DEAR SUN SPOTS: I have been a longtime subscriber to the Sun Journal. One of my favorite parts is the crossword puzzle each day. I find that in the last two to three months the puzzles have been extremely difficult. My friends have also expressed the same concern. Can you go back to the easier puzzles so us senior citizens can do them? Thank you for letting me express my concern. — Phyllis, South Paris
DEAR SUN SPOTS: Is a different person making the crossword puzzles for the daily newspaper? I used to be able to do them fairly easily but now I find myself stumped everyday, and my sister says the same thing. Thank you. — No Name, No Town
DEAR SUN SPOTS: Is someone new doing the crossword puzzles in the Sun Journal? They are more difficult than they used to be. I have always liked doing them — now not so much. Thank you. — No Name, No Town
ANSWER: You can rest assured that you are not alone in finding the puzzles too difficult. Sun Spots spoke with Suma at United Media, which provides the puzzles to the Sun Journal.
She said that last year some of their other newspaper clients were complaining that the puzzles were too easy and the clues too repetitive, so they went to the people who actually create the puzzles and asked them to make them more difficult. But they went a bit too far, and like you, others began saying the puzzles were too hard. So Suma said they went back to the creators and said “Whoa, a little bit too tough.”
This request was only about a week ago, so it will take a while for the easier puzzles to actually make an appearance in the Sun Journal, as they are prepared weeks ahead of time. But relief is coming, and soon you should be whipping through the puzzle in no time!
DEAR SUN SPOTS: The Boy Scouts of America is celebrating its 100th anniversary this year, and Cub Scout Pack 111 in Auburn is commemorating that event with a special pinewood derby race.
We are looking for past members of Auburn Cub Scout Pack 111 to join us at our pinewood derby race this year on Saturday, March 13, to celebrate this momentous occasion. This would be a great opportunity to dust off your old race car, if you still have it, and let it roll down the track one more time. Please ask your readers to contact us at email@example.com or by calling me at 795-1043. — Brian Welker, Cubmaster, Pack 111, Auburn.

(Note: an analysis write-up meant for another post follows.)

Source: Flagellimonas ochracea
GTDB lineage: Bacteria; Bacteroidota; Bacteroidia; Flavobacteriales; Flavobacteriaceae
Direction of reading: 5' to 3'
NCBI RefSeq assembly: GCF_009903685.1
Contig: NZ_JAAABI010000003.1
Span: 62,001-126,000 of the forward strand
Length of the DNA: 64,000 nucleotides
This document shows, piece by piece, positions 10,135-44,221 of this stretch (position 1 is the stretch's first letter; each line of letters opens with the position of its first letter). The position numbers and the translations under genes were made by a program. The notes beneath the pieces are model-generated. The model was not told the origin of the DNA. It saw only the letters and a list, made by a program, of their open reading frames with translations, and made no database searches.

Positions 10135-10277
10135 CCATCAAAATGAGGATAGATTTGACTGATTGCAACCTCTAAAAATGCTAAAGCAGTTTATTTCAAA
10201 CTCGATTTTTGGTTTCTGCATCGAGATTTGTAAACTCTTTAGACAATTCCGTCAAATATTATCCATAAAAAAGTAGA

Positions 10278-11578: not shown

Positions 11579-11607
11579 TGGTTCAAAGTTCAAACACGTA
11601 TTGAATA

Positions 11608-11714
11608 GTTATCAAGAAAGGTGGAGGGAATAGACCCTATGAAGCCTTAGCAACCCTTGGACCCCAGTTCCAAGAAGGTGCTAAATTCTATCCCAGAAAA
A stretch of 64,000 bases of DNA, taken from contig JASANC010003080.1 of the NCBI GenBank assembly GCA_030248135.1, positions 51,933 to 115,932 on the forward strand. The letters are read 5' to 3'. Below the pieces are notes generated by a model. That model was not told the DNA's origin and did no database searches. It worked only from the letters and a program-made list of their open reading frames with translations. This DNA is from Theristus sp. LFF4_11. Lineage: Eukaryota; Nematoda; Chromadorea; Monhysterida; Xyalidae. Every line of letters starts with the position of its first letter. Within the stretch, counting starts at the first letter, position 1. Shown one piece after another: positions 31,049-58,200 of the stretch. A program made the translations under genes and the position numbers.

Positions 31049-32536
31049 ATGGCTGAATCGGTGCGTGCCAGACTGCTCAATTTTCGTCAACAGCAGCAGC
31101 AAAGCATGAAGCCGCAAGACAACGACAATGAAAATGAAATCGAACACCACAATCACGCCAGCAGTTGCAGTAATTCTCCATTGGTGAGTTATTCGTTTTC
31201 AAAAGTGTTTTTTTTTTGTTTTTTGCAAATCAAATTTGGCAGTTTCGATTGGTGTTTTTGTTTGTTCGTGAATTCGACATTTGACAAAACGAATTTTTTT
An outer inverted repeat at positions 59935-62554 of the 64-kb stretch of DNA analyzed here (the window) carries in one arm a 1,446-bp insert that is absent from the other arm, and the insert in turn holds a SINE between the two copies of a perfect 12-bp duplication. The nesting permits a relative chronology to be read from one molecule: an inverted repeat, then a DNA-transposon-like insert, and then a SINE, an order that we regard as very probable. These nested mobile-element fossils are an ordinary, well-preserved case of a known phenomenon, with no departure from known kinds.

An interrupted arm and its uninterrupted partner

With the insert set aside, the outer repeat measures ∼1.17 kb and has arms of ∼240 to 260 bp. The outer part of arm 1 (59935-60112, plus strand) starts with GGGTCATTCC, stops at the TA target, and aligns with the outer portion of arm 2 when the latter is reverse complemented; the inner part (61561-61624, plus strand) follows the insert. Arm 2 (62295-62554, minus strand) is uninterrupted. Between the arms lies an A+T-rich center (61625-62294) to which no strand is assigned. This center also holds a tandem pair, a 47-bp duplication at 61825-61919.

DEAR SUN SPOTS: I am writing in hopes that you might find space to advertise an upcoming fundraiser for our local McMahon Elementary School. On Sunday, March 14, we are hosting a pancake breakfast to be held at the Applebee’s on Center Street in Auburn. The cost is $5 per person, and this includes pancakes, coffee and orange juice. There are two sittings — one at 8 a.m. and one at 8:45 a.m. We are looking forward to having a big crowd and a successful fundraiser for our school. Thank you so much! — Jodi, The PTO at McMahon Elementary
DEAR SUN SPOTS: I have old cameras, including a 120 box camera and flash gun and some others. If interested, please call 783-8862. — No Name, No Town
DEAR SUN SPOTS: I recently read a piece concerning macular degeneration by staff writer M. Dirk Langeveld. I have macular degeneration and have had it for about two years. I am interested in any information I can get about this sickness. For instance, does anyone eventually go blind? What is the usual length of the sickness? — No Name, Dixfield
ANSWER: Sun Spots thinks these questions would be better directed to your doctor, or perhaps Dr. Donahue, at the bottom of this page. There are many variables in any disease: In this case, There are two different kinds of macular degeneration, wet and dry, as well as individual differences among patients. There are organizations, such as the American Macular Degeneration Foundation (www.macular.org, P.O. Box 515, Northampton, MA 01061-0515, 413-268-7660) and the Macular Degeneration Foundation (www.eyesight.org, P.O. Box 531313, Henderson, NV 89053, 888-633-3937), which can provide the information and assistance you need to understand your illness.
This column is for you, our readers. It is for your questions and comments. There are only two rules: You must write to the column and sign your name (we won’t use it if you ask us not to). Please include your phone number. Letters will not be returned or answered by mail, and telephone calls will not be accepted. Your letters will appear as quickly as space allows. Address them to Sun Spots, P.O. Box 4400, Lewiston, ME 04243-4400. Inquiries can also be e-mailed to firstname.lastname@example.org.